The Taliban's chief negotiator has said the 'doors are open' to resuming talks with the United States, hours after two attacks claimed by the militants killed at least 48 people in Afghanistan.
Peace talks between the United States and the Taliban meant to reach a deal on the withdrawal of thousands of U.S. troops collapsed last week after President Donald Trump cited an attack that killed a U.S. soldier as his reason for calling off negotiations. The talks did not include the Afghan government.
Sher Mohammad Abbas Stanikzai told the BBC that the insurgents had done nothing wrong by continuing to fight throughout the talks. Stanikzai said the Americans had also admitted to killing thousands of Taliban during the discussions.
'From our side, our doors are open for negotiations,' he was quoted as saying.
The September 17 attacks left at least 26 people dead at a rally for Afghan President Ashraf Ghani in the central province of Parwan, while 22 were killed in a blast in Kabul just over an hour later.
They were the bloodiest attacks to hit Afghanistan since the talks fell apart. Dozens more were wounded in the blasts, for which the Taliban claimed responsibility.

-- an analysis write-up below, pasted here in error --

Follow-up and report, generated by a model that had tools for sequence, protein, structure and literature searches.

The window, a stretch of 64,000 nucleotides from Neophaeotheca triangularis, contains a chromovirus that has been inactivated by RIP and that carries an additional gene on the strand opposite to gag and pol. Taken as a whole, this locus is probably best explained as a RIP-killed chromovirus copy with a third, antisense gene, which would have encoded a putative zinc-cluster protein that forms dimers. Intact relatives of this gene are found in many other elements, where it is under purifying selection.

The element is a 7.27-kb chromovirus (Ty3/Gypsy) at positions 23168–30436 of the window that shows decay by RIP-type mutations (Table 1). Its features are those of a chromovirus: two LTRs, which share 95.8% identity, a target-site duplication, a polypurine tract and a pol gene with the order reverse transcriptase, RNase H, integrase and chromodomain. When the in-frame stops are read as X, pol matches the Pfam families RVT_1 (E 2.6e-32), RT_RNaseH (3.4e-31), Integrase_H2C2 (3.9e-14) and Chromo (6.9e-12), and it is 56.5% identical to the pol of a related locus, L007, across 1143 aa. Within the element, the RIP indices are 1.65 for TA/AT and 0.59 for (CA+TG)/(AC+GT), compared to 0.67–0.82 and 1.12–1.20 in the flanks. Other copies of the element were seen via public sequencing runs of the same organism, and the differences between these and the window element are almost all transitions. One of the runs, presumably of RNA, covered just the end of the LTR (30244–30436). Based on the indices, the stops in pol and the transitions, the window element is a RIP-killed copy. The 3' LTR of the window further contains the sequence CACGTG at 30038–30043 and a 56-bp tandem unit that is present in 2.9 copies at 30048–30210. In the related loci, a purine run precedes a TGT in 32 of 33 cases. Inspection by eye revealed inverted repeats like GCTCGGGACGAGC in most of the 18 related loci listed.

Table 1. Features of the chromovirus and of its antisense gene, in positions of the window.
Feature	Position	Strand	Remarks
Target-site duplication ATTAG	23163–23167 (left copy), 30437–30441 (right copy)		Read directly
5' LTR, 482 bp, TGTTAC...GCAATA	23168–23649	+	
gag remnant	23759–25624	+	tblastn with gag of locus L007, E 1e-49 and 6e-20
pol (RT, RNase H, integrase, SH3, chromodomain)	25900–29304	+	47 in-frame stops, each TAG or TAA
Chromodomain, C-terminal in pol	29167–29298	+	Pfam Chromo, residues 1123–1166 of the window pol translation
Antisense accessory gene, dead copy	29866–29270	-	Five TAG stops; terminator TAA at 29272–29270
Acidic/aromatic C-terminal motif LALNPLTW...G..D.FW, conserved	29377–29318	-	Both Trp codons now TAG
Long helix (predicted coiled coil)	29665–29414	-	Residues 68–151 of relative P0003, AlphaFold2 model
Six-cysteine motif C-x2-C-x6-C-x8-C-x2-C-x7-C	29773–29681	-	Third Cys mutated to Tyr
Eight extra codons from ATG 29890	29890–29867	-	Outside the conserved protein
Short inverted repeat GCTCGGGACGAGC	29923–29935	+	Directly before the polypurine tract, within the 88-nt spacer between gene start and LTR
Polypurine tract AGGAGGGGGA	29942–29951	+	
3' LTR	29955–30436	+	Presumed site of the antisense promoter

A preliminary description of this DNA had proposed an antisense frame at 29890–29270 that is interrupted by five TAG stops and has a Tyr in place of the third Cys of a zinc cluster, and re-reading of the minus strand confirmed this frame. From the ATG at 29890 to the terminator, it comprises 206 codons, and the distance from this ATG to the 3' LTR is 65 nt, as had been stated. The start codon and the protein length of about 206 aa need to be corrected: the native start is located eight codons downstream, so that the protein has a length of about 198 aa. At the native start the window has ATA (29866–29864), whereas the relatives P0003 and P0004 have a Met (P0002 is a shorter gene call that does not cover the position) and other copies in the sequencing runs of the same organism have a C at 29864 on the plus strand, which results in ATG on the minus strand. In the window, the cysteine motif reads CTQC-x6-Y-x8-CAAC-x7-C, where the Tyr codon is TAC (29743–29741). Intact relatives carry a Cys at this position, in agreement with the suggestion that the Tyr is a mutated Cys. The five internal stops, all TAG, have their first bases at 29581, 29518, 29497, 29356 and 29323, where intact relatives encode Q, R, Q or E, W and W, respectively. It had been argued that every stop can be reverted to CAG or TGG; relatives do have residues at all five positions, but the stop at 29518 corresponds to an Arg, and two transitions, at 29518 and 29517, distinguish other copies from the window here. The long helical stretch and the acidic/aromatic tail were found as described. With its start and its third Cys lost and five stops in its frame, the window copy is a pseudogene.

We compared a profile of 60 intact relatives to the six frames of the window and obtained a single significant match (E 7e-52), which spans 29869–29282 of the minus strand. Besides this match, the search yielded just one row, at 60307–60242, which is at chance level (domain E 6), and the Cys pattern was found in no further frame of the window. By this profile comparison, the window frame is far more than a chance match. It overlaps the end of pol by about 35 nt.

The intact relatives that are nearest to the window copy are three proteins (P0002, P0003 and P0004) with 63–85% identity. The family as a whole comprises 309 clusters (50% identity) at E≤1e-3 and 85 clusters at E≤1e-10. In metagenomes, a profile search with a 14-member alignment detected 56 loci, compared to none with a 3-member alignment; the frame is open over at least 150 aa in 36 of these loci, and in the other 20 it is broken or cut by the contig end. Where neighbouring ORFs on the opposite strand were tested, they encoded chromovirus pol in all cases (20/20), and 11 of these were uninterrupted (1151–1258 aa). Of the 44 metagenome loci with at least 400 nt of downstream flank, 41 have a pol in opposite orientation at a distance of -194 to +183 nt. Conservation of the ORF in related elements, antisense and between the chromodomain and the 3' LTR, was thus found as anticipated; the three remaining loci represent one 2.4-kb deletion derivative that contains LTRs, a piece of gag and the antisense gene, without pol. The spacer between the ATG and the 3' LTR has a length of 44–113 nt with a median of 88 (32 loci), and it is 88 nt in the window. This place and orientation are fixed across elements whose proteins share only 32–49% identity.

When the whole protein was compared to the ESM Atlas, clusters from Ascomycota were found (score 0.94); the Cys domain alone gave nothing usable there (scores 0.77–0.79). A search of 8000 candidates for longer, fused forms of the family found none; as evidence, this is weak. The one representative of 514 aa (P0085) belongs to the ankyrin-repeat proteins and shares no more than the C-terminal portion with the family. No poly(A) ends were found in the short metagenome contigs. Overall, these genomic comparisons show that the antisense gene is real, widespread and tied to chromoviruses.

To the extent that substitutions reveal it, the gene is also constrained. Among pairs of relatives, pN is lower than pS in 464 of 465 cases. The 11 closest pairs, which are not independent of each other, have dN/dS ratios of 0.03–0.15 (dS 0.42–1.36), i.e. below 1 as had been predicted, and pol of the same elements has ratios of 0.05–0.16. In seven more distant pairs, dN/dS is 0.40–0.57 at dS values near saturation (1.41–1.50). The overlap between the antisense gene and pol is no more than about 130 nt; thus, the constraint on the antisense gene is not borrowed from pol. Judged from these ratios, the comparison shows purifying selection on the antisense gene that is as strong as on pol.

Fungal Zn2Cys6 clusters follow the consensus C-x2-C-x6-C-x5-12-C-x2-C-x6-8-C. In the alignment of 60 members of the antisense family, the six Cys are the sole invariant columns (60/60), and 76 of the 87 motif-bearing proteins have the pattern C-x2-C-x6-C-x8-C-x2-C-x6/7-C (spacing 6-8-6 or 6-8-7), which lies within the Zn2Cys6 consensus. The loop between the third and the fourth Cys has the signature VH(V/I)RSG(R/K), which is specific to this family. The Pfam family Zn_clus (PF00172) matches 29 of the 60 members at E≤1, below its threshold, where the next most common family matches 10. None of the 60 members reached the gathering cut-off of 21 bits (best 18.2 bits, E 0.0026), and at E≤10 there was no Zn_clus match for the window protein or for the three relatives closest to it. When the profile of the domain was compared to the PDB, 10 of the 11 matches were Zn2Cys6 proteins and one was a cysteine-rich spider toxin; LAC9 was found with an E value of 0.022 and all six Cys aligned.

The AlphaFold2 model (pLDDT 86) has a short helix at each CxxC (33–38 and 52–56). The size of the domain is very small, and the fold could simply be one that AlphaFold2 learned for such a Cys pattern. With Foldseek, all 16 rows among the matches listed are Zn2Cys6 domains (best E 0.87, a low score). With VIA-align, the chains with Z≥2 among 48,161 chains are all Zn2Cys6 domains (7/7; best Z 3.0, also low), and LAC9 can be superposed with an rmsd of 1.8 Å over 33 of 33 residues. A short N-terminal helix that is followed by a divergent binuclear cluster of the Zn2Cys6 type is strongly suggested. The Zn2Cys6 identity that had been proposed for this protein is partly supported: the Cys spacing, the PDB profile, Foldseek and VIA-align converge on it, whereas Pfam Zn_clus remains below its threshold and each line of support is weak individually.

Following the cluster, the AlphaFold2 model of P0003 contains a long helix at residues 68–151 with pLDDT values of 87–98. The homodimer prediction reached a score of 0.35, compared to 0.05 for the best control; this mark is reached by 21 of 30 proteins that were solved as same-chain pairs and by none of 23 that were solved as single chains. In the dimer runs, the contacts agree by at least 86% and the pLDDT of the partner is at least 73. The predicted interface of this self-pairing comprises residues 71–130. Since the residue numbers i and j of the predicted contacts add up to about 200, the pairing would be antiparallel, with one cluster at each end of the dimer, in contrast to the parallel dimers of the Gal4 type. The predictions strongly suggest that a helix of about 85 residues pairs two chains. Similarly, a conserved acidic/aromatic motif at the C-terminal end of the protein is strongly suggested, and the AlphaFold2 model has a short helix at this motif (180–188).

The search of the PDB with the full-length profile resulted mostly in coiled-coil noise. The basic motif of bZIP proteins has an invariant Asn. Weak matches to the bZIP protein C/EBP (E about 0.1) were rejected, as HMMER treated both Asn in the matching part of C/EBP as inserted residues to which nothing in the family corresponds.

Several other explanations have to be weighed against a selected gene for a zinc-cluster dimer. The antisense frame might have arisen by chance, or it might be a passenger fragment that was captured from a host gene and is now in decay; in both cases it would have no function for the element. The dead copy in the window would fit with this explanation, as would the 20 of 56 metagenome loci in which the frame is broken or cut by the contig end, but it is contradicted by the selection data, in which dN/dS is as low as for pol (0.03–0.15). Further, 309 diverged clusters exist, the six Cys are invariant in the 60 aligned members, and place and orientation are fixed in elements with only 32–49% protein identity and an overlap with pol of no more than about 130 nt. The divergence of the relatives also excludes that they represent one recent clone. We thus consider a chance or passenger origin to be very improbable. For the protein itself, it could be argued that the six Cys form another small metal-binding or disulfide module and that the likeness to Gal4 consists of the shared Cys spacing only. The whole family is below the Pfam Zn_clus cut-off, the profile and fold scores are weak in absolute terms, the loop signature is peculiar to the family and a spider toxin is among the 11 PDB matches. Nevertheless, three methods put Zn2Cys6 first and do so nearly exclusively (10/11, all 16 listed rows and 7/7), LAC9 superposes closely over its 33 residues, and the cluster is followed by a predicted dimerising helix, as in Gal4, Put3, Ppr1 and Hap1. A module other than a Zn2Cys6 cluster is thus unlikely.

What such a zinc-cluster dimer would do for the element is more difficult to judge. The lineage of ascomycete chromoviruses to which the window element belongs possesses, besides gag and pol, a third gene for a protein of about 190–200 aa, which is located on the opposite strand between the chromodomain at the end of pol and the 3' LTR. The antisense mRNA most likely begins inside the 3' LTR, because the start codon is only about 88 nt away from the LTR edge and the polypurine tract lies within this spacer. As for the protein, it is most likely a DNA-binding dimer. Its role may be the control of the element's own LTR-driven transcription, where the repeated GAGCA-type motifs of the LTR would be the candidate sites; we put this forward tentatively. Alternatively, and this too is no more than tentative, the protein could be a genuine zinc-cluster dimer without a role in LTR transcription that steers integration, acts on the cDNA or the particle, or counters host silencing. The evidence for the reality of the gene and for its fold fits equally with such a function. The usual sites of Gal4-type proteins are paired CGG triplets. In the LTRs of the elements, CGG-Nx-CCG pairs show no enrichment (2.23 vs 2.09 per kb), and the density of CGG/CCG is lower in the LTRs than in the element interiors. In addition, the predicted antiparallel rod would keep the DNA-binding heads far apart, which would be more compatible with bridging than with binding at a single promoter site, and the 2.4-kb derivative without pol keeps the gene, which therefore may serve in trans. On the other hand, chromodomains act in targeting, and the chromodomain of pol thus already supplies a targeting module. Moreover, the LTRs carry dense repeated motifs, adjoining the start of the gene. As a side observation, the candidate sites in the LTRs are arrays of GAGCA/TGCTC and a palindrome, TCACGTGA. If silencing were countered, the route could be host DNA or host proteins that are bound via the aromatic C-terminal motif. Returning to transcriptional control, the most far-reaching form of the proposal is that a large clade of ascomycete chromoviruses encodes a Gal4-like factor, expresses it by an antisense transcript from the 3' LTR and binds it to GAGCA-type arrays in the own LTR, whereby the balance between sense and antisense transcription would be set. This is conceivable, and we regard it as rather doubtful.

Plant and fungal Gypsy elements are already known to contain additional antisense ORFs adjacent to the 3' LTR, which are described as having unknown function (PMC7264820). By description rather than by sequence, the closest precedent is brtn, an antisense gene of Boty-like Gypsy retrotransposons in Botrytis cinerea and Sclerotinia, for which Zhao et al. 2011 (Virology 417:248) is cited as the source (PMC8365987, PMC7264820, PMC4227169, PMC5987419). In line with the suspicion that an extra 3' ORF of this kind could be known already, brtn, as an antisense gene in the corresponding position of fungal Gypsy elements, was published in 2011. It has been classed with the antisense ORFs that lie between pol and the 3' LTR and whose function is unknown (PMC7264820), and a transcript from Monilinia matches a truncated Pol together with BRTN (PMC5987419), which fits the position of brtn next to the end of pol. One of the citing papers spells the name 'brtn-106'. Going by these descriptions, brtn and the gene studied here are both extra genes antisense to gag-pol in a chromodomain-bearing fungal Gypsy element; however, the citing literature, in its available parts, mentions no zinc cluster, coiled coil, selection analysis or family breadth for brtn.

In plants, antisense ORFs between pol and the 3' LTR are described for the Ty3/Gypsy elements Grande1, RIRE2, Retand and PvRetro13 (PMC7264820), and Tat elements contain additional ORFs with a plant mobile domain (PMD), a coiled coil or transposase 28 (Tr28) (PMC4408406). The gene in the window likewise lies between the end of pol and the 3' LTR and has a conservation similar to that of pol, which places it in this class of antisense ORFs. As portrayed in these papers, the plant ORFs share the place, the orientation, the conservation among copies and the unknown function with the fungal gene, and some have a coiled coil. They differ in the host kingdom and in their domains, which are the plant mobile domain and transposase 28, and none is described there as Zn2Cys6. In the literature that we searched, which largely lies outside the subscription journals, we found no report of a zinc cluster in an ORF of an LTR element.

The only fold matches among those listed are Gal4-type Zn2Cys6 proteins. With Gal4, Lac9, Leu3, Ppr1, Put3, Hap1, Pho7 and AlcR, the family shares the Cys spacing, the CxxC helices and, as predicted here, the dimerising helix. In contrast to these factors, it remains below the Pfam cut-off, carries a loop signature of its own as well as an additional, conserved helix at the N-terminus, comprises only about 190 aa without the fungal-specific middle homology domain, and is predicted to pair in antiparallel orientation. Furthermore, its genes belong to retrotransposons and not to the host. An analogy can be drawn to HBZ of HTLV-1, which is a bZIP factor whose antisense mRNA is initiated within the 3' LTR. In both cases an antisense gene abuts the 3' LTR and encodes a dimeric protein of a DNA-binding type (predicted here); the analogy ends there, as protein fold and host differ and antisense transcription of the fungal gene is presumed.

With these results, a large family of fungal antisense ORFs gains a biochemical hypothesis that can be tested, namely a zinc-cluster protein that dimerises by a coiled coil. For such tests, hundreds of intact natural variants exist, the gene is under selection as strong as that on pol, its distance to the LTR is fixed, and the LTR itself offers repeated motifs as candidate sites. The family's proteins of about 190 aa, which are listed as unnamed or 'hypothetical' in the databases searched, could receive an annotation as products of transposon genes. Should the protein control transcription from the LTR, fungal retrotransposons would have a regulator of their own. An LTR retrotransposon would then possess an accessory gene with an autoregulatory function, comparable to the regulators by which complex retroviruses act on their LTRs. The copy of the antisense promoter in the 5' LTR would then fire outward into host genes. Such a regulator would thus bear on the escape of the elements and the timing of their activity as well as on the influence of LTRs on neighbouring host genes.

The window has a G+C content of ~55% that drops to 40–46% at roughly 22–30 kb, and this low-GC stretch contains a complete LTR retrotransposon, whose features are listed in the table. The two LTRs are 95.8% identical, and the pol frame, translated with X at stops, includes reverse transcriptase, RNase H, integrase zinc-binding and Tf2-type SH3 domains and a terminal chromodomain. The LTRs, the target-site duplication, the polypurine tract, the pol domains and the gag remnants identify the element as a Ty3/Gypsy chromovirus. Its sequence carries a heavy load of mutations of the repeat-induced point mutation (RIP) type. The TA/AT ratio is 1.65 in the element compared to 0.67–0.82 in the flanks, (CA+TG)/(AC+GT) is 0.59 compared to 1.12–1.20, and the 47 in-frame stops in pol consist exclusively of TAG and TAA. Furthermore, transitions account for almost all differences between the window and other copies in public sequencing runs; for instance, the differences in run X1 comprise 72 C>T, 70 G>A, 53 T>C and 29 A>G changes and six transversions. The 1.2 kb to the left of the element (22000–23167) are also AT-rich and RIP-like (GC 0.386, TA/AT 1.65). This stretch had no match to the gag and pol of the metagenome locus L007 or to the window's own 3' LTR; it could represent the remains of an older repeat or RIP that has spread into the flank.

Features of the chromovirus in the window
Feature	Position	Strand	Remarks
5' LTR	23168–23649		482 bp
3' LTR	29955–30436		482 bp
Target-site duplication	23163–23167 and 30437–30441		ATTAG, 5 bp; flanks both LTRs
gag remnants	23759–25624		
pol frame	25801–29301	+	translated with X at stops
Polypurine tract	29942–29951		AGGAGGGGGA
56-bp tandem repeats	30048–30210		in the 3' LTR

U.S. Secretary of State Mike Pompeo condemned the attacks that occurred 11 days before the country is set to hold a presidential election the Taliban militant group has vowed to disrupt.
'Through these attacks, the Taliban demonstrate blatant disregard for the people and institutions of Afghanistan,' Pompeo said in a statement.
'For Afghans to truly reconcile, the Taliban must begin to demonstrate a genuine commitment to peace rather than continue the violence and destruction that causes such inordinate harm to the Afghan people and the future of their country.'
Pompeo warned the Taliban must show a 'significant commitment' if talks are to resume.
With reporting by Reuters, AFP, AP, BBC, and dpa
Copyright (c) 2018. RFE/RL, Inc. Republished with the permission of Radio Free Europe/Radio Liberty, 1201 Connecticut Ave NW, Ste 400, Washington DC 20036